Tokyo Cafes: Fukagawa Coffee


The retro decore of Fukagawa Coffee is an effortless result of well-kept age.

Just a stone’s throw away from the and ramen shops of Monzenakacho and hip modern cafes up at Kiyosumi, one stumbles along a shop veranda with plants, classic countryside-garden benches, and a wind chime. Jazz music floats out from the open door, and when you poke your head in, it’s like walking into a time capsule from the jazz era a century ago.

Though it’s been around for decades, with its bewildering array of coffee options, Fukagawa Coffee has been sustained by coffee hunters and locals who don’t need Google Maps (it’s not marked, but the address is correct).

The adapted Creme Brulee is a lighter version of the Western original.

You can pick you seat and either the owner or his wife will come to take the order. The menu is all in Japanese. There are afternoon tea sets for 750 JPY with coffee or tea and a choice of matcha roll, matcha mont-blanc, creme brulee, brownie, cheesecake, and Satsuma sweet potato-apple tart.

This place is best enjoyed with at least an hour or two. Most of the visitors stayed a while with a book or a group of friends. It was the same for us. We sat for three hours long after dark.

Both dessert and espresso are served in Chinaware.

We had two sets, and tried both the drip coffee and the espresso. Both are yummy and mild, matching Japanese tastes and complimentary to the desserts. The creme brulee is a Japanese adaptation with more custard and less of the caramelised sugar, which results in a light, but satisfying dessert. The highlight of the Satsuma sweet potato and apple tart is definitely the flavourful paste filling, as the pastry puff is quite soft, more like a flaky bread.

Japanese fusion pastry: Satsuma Sweet Potato Apple Tart has Japanese paste filling.

In addition to the coffee and food, the decore is rich with history. Lamps hang from the ceiling. Porcelain tea pots grace the hardwood shelves. Japanese swords are on display in every free surface. The owner is happy to discuss them at length if you ask (in Japanese).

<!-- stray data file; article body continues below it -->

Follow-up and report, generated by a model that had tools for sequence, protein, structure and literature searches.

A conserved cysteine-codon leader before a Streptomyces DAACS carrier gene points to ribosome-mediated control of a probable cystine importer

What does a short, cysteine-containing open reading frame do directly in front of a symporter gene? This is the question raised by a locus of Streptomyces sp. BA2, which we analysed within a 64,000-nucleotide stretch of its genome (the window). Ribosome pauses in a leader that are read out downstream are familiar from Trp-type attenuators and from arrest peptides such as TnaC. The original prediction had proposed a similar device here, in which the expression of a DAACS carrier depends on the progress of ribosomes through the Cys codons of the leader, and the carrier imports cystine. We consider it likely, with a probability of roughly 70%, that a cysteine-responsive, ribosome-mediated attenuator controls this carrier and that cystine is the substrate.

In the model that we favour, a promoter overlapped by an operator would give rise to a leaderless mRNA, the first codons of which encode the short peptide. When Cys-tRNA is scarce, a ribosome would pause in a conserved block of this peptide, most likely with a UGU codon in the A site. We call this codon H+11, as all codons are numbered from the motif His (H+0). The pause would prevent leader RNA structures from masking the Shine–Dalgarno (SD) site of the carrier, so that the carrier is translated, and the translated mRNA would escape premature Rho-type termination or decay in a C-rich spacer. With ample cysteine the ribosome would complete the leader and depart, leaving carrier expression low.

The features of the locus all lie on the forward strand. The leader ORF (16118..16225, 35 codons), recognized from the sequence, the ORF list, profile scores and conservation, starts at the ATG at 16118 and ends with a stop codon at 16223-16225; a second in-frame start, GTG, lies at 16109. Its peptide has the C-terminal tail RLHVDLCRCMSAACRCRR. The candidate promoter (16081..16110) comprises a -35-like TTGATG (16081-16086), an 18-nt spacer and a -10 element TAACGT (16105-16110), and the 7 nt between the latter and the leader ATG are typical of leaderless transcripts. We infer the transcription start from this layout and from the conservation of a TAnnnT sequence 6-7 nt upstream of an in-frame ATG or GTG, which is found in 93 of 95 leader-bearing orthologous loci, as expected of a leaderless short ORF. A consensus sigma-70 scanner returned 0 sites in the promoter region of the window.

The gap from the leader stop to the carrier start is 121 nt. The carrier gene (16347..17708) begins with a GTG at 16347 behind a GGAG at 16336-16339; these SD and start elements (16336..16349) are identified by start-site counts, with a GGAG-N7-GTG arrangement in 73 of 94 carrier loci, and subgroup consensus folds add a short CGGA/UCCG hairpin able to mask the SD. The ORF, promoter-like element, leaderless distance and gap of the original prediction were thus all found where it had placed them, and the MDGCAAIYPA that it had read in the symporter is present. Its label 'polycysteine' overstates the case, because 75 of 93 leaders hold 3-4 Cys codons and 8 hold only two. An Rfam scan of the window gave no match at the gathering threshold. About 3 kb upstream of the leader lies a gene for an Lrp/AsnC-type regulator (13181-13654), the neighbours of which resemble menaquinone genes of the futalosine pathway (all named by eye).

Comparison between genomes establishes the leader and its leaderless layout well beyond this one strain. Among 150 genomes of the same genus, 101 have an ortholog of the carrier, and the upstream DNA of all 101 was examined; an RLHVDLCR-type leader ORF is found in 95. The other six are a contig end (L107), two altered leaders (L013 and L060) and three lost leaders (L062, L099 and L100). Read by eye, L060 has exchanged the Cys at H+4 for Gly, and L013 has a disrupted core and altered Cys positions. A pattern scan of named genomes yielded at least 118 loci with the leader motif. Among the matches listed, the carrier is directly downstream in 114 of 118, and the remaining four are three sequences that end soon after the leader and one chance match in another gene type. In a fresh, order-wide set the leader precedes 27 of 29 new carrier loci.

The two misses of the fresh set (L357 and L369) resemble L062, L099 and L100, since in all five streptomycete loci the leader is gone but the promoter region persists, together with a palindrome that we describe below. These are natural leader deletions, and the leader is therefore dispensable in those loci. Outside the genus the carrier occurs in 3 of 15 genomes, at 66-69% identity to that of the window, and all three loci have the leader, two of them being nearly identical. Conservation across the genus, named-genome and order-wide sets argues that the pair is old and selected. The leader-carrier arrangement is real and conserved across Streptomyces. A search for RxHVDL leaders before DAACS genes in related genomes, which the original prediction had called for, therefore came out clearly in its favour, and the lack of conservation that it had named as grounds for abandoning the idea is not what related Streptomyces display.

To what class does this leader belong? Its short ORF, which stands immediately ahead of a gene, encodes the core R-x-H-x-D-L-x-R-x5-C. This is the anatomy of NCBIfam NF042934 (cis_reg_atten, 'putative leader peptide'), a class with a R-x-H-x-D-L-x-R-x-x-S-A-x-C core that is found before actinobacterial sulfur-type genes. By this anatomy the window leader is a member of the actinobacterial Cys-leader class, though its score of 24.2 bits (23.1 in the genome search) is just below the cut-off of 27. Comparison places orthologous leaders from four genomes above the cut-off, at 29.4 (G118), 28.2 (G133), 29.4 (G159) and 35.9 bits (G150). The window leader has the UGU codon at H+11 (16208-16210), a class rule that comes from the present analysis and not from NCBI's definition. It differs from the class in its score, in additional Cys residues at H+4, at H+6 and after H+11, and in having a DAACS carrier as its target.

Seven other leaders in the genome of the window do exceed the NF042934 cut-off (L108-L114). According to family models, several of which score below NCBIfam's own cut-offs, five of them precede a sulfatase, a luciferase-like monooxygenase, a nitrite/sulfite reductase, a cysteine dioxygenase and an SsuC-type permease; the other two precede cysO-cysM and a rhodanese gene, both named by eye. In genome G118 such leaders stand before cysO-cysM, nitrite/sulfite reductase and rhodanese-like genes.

The countless swords, Chinaware, and photographs on display.

The best way to enjoy this place is to come with friends and share the ambience over great conversation and good company. On your way out, see if a certain roast catches your eye!

An array of coffee beans to choose from on your way out.

Good For:

  • Coffee: Drip, Espresso (straight)
  • Friends: Hangouts & catching up
  • Work* They don’t have WiFi or outlets, but plenty of tables.
  • Chilling and reading
Address: Fuyuki 6-chome 18, Koto-ku, Tokyo
Hours 8:00-19:00
営業日【年中無休 8:00~19:00

If you liked this post, check out the full list of Kiyosumishirakawa’s Cafes.

Athena Lam

A content marketing strategist and consultant. Passionate about storytelling for great teams and products. Co-founder of Business 3.0 (, Personal blog at

16 thoughts on “Tokyo Cafes: Fukagawa Coffee

      1. Yeah, this is the kinda coffee shop that get’s lost to all the new innovation. Thanks for documenting it 🙂


      2. If you like cycling, Zeb in Hashimoto is great, as well as Fuglen in Shinjuku! :3 Zeb is pretty far for you, I assume. But if you train and bus it out there, it’s worth it. I’ll be posting about it soon.

        Liked by 1 person

      3. Oh sweet! That’d be cool! I’m always up for more coffee buddys! :3 I just moved here in September, so there’s a lot I haven’t seen.

        Liked by 1 person

      4. I am most open on weekends! Feel free to add me on Facebook, it’ll be easier to contact each other there 🙂 My name is Autumn Aki Smith 🙂 After the 15th sounds good to me!

        Liked by 1 person

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